Over the years, the power distribution segment has been plagued with issues such as weak financial performance, high operational losses and poor customer service. Private participation has often been suggested as the solution for all such issues. While the country has seen some progress in private participation in the distribution
segment, in a major announcement recently, the government announced the privatisation of the distribution segment in the union territories (UTs).
At a recent virtual conference organised by Power Line on Power Distribution in India, heads of leading private discoms and franchisees including Sanjay Banga, president, T&D, Tata Power; Raghav Kanoria, managing director, India Power Corporation Limited; Girish Kumar, chairman and managing director, Sai Computers, and Padam Prakash, director, PwC India discussed the outlook, challenges and the way forward for the distribution segment as the government begins the exercise of privatising the power distribution segment in the UTs. Excerpts from the discussion…
Need for privatisation
The distribution segment today is on the cusp of transition. This can be attributed to a number of factors. To begin with, there are rising expectations of consumers from utilities for providing 24×7 power supply, a requirement which many state-owned discoms are still not able to meet.
Also, the financial condition of discoms has deteriorated over a period of time. During 2018-19, operational losses for all discoms stood at an unsustainable level of Rs 2,500 billion, indicating that subsidies and borrowings are the only way to bridge the gap. Liquidity of discoms has been further constrained owing to the Covid-19 pandemic and associated lockdown. While there has been a lot of support from the government in the form of liquidity measures such as the recent Rs 900 billion line of credit and schemes such as UDAY for discom turnaround in the past, the consensus is that until there is a higher level of efficiency through technology interventions or private participation, financial losses will remain. These will continue to be a burden on the balance sheet of utilities and states, and will, in turn, affect the service quality of consumers.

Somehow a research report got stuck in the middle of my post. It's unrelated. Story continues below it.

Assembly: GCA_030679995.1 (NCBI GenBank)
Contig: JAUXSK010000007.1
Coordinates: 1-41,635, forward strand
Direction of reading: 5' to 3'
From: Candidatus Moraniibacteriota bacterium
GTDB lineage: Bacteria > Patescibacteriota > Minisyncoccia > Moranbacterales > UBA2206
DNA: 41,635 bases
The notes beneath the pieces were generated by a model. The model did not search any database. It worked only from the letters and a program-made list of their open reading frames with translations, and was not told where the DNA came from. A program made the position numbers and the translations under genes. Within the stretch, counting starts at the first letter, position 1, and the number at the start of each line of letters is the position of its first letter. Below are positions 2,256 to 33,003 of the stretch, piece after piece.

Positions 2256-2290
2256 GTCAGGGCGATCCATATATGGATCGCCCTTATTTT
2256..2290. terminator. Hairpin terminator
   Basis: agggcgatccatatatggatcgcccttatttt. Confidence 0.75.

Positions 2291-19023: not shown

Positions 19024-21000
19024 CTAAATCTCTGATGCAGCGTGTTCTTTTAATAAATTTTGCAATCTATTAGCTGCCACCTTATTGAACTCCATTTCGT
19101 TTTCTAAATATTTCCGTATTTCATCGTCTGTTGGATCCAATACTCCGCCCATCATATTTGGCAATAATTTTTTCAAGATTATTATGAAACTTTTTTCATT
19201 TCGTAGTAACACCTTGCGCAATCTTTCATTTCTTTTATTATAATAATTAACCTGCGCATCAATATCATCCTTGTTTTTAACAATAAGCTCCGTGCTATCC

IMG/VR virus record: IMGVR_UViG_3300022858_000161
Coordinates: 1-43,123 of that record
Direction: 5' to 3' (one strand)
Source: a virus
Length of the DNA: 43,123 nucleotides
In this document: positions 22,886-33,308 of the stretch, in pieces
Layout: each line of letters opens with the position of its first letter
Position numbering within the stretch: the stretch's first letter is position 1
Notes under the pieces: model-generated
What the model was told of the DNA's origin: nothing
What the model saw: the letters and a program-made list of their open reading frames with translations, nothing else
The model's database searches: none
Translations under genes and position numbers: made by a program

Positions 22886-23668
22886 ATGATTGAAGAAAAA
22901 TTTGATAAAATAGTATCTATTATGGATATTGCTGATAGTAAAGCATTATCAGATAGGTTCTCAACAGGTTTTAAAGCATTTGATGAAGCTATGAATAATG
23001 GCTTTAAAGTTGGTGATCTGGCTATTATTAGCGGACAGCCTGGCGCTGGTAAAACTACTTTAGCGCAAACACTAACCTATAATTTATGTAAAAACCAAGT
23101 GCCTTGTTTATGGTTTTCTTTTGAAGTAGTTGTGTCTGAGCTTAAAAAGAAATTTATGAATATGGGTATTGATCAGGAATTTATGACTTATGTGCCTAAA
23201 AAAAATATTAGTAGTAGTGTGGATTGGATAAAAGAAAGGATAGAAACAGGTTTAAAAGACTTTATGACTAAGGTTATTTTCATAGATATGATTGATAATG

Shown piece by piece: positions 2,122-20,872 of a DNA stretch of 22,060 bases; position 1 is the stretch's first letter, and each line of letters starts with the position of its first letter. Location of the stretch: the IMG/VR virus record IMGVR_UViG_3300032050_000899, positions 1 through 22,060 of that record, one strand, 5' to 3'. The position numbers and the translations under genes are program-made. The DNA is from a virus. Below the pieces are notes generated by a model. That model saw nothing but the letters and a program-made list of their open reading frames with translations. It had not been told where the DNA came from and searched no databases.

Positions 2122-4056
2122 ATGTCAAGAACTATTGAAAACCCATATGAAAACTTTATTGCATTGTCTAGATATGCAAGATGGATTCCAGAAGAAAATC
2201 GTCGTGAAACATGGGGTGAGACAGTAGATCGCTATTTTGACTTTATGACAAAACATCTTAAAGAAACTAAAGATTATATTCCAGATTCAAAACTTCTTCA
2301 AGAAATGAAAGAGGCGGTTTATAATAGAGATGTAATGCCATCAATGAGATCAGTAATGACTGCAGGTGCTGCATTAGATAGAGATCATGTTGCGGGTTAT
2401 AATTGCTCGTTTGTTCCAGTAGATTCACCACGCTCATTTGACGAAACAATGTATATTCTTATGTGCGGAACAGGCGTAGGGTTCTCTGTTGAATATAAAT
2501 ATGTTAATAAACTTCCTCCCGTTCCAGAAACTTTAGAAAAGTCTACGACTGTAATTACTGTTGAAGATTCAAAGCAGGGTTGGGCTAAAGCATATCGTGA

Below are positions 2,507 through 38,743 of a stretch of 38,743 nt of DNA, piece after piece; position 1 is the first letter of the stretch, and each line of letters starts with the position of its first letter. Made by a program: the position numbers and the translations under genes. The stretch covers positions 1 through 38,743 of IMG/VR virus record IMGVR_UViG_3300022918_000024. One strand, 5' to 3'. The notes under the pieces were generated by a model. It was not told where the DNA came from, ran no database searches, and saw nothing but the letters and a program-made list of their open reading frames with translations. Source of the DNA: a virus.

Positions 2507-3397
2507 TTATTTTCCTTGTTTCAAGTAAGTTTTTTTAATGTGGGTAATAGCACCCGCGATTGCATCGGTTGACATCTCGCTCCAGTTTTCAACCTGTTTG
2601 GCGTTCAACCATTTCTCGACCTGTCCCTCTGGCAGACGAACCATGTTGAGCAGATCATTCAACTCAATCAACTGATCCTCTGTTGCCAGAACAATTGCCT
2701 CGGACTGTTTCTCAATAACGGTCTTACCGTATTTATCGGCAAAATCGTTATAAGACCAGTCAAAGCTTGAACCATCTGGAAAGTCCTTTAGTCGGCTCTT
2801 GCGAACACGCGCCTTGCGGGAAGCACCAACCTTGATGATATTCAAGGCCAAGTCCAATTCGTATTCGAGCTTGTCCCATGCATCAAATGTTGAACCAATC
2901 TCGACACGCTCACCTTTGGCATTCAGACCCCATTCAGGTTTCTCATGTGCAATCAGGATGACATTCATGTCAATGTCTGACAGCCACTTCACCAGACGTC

The power sector is gearing up for a number of new changes such as the integration of renewables, proliferation of microgrids and expansion of battery storage. These have made the task of managing the grid even more technical and complex. This demands that discoms be managed very professionally and in a much more technologically advanced way. Covid has further accelerated the process of adapting to technology.
These trends, coupled with low power demand and the resultant revenue gap, require a tremendous shift in discoms’ working. In this backdrop, discoms should decide whether to opt for privatisation or continue by themselves. However, privatisation has to be done in a sustainable manner so that it is a win-win situation for all the stakeholders. States and utilities that are still reluctant to privatise could learn from the success in other infrastructure sectors such as highways and airports.
Opportunities for stakeholders
For privatisation, the key stakeholders are private investors, the government and consumers. For consumers, privatisation would help in ensuring better and reliable 24×7 power supply at affordable tariffs.
With respect to private investors, privatisation offers an opportunity for incumbent players in the power sector to enter or expand their presence in the distribution space as well as enhance business value by entering into new geographic areas and by attracting more business. Another aspect that private investors would be looking at is access to consumers. The distribution segment is the last mile in the power sector value chain, where discoms directly deal with consumers. Going forward, as market reforms take place, consumer access is going to play a big role in the entire process. Privatisation will provide them an opportunity to reach the consumer.